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Two 19th c. variants on “Madeira Wine A Parody” of the song “The Willow”

I find that “Madeira Wine” is a riot of a song particularly since I love both the drink itself and its history.  It appears in at least two published instances during the early 19th century.  The only dated instance is from October 17, 1808, in the Baltimore newspaper Federal Republican & Commercial Gazette.  The second instance is an anonymously published single sheet of music held by The Library of Congress dated to the first decade of the 19th century.  It is credited to “a Baltimorean” whom I take to be the same for both.

“Madeira Wine” is a self-titled parody on the song “The Willow” which is an Elizabethan folk song dating to the late 16th century.  This folk song is famously sung by Desdemona in William Shakespeare’s Othello.   Several times Desdemona sings ,”willow, willow, willow”.  The sheet music fully parodies “The Willow” which we see logically progress as more and more Madeira is consumed.  At first there is, “Mellow mellow mellow” then “Tipsy tipsy tipsy” and finally “I’m drunk, I’m drunk, I’m drunk”.

There is perhaps an allusion taking place in “Madeira Wine”.  I am no musicologist so bear with me. When Desdemona sings “The Willow” she is foretelling her eventual death.  Madeira was certainly the wine of America with Port and Claret that of England.  When the song was published, the turbulent times between America and England were soon to escalate into the War of 1812.  Could the Baltimorean be alluding to the troubles of the time?

Madeira Wine Newspaper

A Parody…Madeira Wine. Oct 17, 1808. [1]

A PARODY
On the famous Song “The Willow,”...to
the same tune.
MADEIRA WINE.

O fill me up another glass of that Madeira
Wine,
O fill me up another glass…for ’tis extremely fine,
I like the taste…so pray make haste,
A bump fill for me;
For here I sit…not quite drunk yet,
Altho’ I’ve drank so free.

I love to drink Madeira…no other Wine
endure,
I love to drink Madeira when it is old &
pure.
Of my full cask…a single flask
Is all that’s left to me;
That flask I’ll try…’tho’ here am I
Half tipsy as you see.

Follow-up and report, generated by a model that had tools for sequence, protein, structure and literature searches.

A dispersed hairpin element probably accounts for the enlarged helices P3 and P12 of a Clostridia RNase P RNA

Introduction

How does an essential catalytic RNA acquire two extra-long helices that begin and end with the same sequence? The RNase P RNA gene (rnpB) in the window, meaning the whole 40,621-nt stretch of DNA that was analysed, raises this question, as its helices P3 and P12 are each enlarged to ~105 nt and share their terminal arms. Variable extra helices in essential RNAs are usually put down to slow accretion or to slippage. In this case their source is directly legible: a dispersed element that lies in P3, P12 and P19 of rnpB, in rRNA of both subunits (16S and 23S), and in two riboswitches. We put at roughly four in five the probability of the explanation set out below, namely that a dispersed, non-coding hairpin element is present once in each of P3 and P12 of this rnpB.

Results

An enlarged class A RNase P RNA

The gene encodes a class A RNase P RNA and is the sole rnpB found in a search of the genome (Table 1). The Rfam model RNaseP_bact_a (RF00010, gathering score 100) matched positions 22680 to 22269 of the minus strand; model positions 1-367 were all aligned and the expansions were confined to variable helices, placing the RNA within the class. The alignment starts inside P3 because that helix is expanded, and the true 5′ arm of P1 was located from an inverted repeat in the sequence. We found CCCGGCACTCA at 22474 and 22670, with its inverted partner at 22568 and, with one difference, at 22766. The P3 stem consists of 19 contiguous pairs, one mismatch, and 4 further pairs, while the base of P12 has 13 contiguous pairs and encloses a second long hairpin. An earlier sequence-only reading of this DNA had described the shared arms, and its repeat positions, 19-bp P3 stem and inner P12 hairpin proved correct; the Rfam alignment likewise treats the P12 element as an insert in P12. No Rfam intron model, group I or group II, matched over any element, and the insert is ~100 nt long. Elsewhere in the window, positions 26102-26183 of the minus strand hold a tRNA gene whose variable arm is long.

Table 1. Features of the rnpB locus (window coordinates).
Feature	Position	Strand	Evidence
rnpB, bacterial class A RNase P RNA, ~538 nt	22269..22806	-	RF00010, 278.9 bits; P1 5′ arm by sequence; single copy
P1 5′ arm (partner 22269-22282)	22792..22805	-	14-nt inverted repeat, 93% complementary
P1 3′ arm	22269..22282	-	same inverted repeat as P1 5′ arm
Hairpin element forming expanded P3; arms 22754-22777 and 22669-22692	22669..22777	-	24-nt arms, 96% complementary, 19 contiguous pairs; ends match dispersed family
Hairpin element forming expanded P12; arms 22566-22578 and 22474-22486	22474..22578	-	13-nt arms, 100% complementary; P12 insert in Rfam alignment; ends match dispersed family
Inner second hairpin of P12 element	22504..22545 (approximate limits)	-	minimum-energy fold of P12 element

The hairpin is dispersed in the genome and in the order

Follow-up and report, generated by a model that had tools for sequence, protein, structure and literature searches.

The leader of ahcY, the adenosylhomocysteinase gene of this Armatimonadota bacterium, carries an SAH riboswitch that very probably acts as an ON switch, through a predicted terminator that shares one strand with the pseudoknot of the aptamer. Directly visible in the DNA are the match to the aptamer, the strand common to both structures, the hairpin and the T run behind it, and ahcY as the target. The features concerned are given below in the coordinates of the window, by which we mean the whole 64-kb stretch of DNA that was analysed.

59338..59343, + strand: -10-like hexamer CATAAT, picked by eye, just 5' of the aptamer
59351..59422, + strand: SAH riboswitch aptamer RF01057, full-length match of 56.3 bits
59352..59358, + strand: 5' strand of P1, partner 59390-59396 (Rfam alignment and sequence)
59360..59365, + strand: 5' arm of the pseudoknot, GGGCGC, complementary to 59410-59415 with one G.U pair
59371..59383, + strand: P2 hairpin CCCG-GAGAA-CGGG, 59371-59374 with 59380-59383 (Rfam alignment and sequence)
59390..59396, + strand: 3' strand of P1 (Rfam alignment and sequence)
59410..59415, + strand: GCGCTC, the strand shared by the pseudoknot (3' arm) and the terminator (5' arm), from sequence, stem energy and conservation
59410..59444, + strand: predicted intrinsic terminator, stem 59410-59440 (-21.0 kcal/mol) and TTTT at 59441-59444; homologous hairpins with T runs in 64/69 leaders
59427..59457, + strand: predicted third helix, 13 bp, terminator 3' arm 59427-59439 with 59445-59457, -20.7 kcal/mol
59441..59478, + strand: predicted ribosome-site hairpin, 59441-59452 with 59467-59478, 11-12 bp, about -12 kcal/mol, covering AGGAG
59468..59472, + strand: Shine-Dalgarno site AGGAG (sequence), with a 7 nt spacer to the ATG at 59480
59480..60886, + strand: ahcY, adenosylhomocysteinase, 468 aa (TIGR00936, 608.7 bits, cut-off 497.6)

Half-tipsy tipsy
Half-tipsy as you see.

I once lov’d Port and Claret.. I thought
it ne’er would end,
I once lov’d Port and Claret…and so did
you my friend.
My Port so stout…is all drank out,
The Claret’s sour to me;
And I’ve drank fine, Madeira Wine,
Until I’m drunk you see–
I’m drunk, I’m drunk, I’m drunk,
Until I’m drunk you see!!!

Madeira Wine Sheet Music

Madeira wine a parody on the Willow. The LOC. [2]

MADEIRA WINE.
A Parody on the WILLOW.
By A BALTIMOREAN

O fill me up a_nother glass, Of that Madeira Wine,
O fill me up a_nother glass, For ’tis extremely fine
like the taste so pray make haste A Bumper fill for me For here I sit not
quite drunk yet, But mellow as you see Mellow mellow mellow But
mellow as you see.

2

I love to drink Madeira, no other wine endure,
I love to drink Madeira, when it is old and pure;
Of my full cask, a single flask, is all that’s left to me,
That flask I’ll try, tho’ here am I; half tipsy as you see.
Tipsy, &c.

3

I once lov’d Port and Claret, I thought it ne’er would end,
I once lov’d Port and Claret, and so did you my friend;
My Port so stout, is all drank out, the Claret’s sour to me,
And I’ve drank fine, Madeira wine, until I’m drunk you see.
I’m drunk, &c.

 


[1] Federal Republican & Commercial Gazette Monday, Oct 17, 1808, Baltimore, MD Vol: I Issue: 46 Page: 2

[2] Madeira wine a parody on the Willow. [180u, monographic. Publisher not indicated, 180] Notated Music. https://www.loc.gov/item/2015562175/.

Wine glasses and pitchers in the Friendship Album of Moyses Walens

Album Amicorum of Moyses Walens, of Cologne. The British Library. [1]